Reinventing waste management during Covid-19

A lab technician discarding disposable gloves (Image: CDC/Kimberly Smith, Christine Ford acquired from Public Health Image Library)
A lab technician discarding disposable gloves (Image: CDC/Kimberly Smith, Christine Ford acquired from Public Health Image Library)

India stares at a Covid-19 induced waste management crisis and there is a need to strengthen waste management services. An important sanitary barrier to prevent the dissemination of illnesses and diseases, waste management’s impact on the world’s healthcare systems, and the economy are significant. Keeping this in mind, the Centre for Environment, Climate Change and Sustainable Development (CECCSD), Impact and Policy Research Institute (IMPRI), New Delhi organized a panel discussion onWaste management during Covid-19: Challenges and the way forward’ recently.

“The question of how to ensure scientific waste management of solid waste, biomedical waste and hazardous waste during the pandemic is critical. A meticulous mechanism is required to deal with the waste and ensure the degree of efficiency and safety of the citizens during times of Covid. There is a need to document the changes introduced by the municipal bodies in solid waste management and also monitor the processes through periodic assessments, “ says Dr. Simi Mehta, CEO and Editorial Director, IMPRI.

Suddenly the country’s waste management infrastructure is unduly burdened and is creaking under pressure. There are multiple challenges being faced by institutions, hospitals, and care centers in the light of Covid. “There is a lack of clarity on who to turn to for addressing the challenges related to waste management. Also, it is unclear as to who takes the responsibility to control it? Even then, the efforts of the various international organisations, government agencies and research organisations working in the field of waste management in India have been commendable,” says Dr. Keith Alverson, Director, International Environmental Centre, United Nations Environment Programme, Japan chairing the session.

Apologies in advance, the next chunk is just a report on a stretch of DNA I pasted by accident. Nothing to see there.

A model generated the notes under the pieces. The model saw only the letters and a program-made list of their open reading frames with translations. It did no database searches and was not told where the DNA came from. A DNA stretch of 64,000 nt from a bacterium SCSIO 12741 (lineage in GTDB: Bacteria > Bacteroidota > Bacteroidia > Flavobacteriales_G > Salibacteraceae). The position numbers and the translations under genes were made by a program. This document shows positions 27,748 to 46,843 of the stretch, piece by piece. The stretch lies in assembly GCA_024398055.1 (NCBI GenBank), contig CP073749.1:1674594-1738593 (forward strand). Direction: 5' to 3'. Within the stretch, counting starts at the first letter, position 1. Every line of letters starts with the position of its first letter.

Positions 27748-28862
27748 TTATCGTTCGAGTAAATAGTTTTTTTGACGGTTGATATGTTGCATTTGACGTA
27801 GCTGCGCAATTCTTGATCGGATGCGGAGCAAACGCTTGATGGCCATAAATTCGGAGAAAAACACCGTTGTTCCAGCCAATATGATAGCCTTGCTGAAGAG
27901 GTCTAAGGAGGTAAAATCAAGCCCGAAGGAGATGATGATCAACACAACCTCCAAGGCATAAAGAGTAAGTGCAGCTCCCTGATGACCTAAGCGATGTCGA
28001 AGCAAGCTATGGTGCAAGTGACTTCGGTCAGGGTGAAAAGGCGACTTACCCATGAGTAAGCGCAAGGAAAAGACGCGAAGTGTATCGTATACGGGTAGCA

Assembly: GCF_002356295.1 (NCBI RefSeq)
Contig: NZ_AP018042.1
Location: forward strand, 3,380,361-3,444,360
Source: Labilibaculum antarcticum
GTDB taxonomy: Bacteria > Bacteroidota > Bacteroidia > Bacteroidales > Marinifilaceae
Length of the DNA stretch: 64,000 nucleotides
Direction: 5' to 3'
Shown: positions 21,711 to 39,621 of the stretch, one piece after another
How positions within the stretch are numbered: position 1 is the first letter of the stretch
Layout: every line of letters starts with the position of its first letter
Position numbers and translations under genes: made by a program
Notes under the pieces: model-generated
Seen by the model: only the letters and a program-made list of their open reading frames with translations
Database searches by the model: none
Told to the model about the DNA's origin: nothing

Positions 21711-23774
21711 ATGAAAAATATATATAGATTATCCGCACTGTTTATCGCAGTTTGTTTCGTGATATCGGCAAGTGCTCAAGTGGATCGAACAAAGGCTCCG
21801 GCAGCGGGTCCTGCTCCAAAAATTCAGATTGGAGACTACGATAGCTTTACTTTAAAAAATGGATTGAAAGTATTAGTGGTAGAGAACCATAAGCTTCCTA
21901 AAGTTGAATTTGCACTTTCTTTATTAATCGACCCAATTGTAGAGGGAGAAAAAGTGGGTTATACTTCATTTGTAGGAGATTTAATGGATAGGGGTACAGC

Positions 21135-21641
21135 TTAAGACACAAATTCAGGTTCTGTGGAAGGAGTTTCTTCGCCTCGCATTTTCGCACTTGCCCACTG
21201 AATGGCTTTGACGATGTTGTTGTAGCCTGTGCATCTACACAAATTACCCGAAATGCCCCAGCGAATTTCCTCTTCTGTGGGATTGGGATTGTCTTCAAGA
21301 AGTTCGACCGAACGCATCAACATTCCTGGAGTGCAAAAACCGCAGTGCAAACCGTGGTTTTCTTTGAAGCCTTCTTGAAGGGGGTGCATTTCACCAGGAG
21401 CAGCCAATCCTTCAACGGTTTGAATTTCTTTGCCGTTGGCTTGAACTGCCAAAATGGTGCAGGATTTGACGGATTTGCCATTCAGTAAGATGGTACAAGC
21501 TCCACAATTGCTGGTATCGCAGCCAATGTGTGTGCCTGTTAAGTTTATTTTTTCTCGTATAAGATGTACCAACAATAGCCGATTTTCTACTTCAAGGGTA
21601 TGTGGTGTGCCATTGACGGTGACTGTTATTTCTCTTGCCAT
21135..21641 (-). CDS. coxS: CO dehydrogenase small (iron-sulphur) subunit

The various sources of Covid-19 waste are from containment zones/red zones; quarantine facilities/Covid care centers; isolation homes; home quarantine; and health care facilities/hospitals/labs. The Central Pollution Control Board (CPCB) had prepared guidelines for handling, treatment, and discharge of Covid-19 biomedical waste, which was to be segregated into various categories such as yellow, red, white, and blue.

The country's waste management systems are creaking under pressure (Image: Grant Hutchison; Flickr Commons, CC BY-NC-ND 2.0)“We weren’t prepared to handle a situation like this and during the pandemic, it is all the more difficult for the local municipal bodies to come out with a comprehensive plan to deal with waste. Prior to Covid outbreak, government and private hospitals would typically produce 500 grams of biomedical waste such as syringes, urine bags, gauze, etc., per bed daily. This figure has increased to between 2.5 to 4 kg per bed, daily, according to a Common Bio-medical Waste Management and Treatment Facility (CBWMTF) at Delhi. This waste is not limited to hospitals, but is generated from isolation homes or quarantine centers leading to a large amount of waste being generated,” says Swati Singh Sambyal who works on sustainable waste management, UN-Habitat Regional Office for Asia and Pacific.

She also pointed to the multiple challenges in waste management such as the availability of workers and staff for collection and disposal of CBWMTF as well as the huge quantity of general municipal solid waste getting mixed with contaminated Covid waste at the quarantine centers and isolation wards.